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Ecological Associations of Littoraria irrorata with Spartina cynosuroides and Spartina alterniflora

Abstract

It is well-documented that marsh periwinkles (Littoraria irrorata) consume and inhabit smooth cordgrass (Spartina alterniflora), but their interactions with big cordgrass (Spartina cynosuroides) remain unknown. Plant communities in mesohaline marshes will change as sea-level rise shifts species from salt-intolerant (e.g., S. cynosuroides) plants to salt-tolerant (e.g., S. alterniflora) ones. Therefore, understanding how L. irrorata interacts with different habitats provides insight into this species’ generalist nature and allows us to predict the potential impacts of changing plant communities on L. irrorata. We show, for the first time, that L. irrorata inhabits, climbs, and grazes S. cynosuroides. We compared both habitats and found snails were larger, plant tissue was tougher, and sediment surface temperatures were higher in S. alterniflora than S. cynosuroides. Snails had greater survivorship from predators in S. cynosuroides than in S. alterniflora. Further, snails grazed S. cynosuroides more than S. alterniflora, evidenced by a greater number of radulation scars. Despite these differences, snail densities were equal between habitats suggesting functional redundancy between S. cynosuroides and S. alterniflora for L. irrorata. Our results indicate L. irrorata is a habitat generalist that uses both S. alterniflora and S. cynosuroides, which may allow it to gain an ecological foothold as sea-level rises.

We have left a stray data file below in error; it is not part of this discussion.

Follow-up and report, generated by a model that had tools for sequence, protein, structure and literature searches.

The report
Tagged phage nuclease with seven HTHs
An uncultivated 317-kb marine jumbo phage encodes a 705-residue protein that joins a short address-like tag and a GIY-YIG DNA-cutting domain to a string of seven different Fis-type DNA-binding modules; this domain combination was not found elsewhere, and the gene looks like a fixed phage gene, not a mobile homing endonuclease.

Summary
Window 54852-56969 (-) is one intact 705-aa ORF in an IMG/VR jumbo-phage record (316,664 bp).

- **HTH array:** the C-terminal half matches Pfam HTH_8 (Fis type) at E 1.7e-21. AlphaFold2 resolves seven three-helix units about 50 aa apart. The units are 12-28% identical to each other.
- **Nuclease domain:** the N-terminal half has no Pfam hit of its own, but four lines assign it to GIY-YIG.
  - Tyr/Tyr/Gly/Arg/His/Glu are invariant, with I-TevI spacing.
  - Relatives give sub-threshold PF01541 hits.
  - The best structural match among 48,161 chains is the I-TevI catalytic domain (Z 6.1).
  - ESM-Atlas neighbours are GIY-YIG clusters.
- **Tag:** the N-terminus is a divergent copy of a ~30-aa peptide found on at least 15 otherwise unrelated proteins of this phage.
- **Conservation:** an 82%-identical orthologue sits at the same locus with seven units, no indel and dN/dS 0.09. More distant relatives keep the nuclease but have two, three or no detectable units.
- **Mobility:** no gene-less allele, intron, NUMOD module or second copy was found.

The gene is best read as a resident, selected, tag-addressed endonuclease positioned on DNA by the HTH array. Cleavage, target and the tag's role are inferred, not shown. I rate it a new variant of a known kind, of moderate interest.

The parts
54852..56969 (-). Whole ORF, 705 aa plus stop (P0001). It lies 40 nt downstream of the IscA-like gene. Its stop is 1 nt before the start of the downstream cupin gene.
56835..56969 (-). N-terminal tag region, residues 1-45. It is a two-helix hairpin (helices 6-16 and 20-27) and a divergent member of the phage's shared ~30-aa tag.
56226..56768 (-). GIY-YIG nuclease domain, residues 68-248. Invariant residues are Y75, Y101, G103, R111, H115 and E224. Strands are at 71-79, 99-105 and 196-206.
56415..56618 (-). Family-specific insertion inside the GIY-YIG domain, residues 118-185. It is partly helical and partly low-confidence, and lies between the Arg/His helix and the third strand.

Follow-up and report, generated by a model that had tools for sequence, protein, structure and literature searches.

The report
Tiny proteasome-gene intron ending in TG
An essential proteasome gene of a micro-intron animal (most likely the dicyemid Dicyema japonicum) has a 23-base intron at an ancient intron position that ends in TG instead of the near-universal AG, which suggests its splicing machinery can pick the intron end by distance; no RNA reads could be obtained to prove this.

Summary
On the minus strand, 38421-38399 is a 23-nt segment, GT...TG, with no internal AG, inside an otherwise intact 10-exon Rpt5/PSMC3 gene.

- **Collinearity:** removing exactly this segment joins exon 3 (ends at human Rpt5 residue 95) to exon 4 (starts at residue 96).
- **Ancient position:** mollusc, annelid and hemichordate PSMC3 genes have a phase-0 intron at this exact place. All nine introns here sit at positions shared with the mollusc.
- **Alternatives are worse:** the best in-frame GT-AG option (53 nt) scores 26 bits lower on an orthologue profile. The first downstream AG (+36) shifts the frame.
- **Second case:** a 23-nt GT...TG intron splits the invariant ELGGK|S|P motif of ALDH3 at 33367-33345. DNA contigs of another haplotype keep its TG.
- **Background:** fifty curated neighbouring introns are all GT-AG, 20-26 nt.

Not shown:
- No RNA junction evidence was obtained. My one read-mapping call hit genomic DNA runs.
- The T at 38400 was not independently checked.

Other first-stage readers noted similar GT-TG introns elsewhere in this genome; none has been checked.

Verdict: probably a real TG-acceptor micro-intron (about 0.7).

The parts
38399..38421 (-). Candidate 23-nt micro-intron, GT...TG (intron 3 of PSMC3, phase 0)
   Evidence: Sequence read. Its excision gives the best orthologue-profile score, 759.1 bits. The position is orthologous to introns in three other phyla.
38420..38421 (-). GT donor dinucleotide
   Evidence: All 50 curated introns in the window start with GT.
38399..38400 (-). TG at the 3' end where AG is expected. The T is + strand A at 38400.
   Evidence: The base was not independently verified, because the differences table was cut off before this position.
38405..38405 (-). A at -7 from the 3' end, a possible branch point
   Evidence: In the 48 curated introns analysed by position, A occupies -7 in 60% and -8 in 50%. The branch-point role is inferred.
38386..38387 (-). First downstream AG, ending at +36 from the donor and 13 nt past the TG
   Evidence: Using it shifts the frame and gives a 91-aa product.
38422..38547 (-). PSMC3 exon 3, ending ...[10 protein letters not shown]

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Acknowledgements

We thank the following people for help in the field and laboratory: Manisha Pant, Catherine Wilhelm, Kayla Martínez-Soto, Emily Goetz, Anna Ledwin, Leah Scott, Mark Brush, and Sarah Blachman. Many thanks go to the Chesapeake Bay National Estuarine Research Reserve of Virginia (CBNERR-VA) and York River State Park for access to our study site, Taskinas Creek. We are thankful to the Virginia Institute of Marine Science for funding this project. This work was funded, in part, by the National Science Foundation (grant number 1832221) and the Virginia Institute of Marine Science. This paper is Contribution No. 3899 of the Virginia Institute of Marine Science, William & Mary. Lastly, we thank the snails for their persistent efforts to escape.

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Correspondence to Caroline Mackenzie Failon.

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Failon, C.M., Wittyngham, S.S. & Johnson, D.S. Ecological Associations of Littoraria irrorata with Spartina cynosuroides and Spartina alterniflora. Wetlands 40, 1317–1325 (2020). https://doi.org/10.1007/s13157-020-01306-4

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Keywords

  • Brackish marsh
  • Mesohaline marsh
  • Salt marsh
  • Ecological equivalence
  • Sea level rise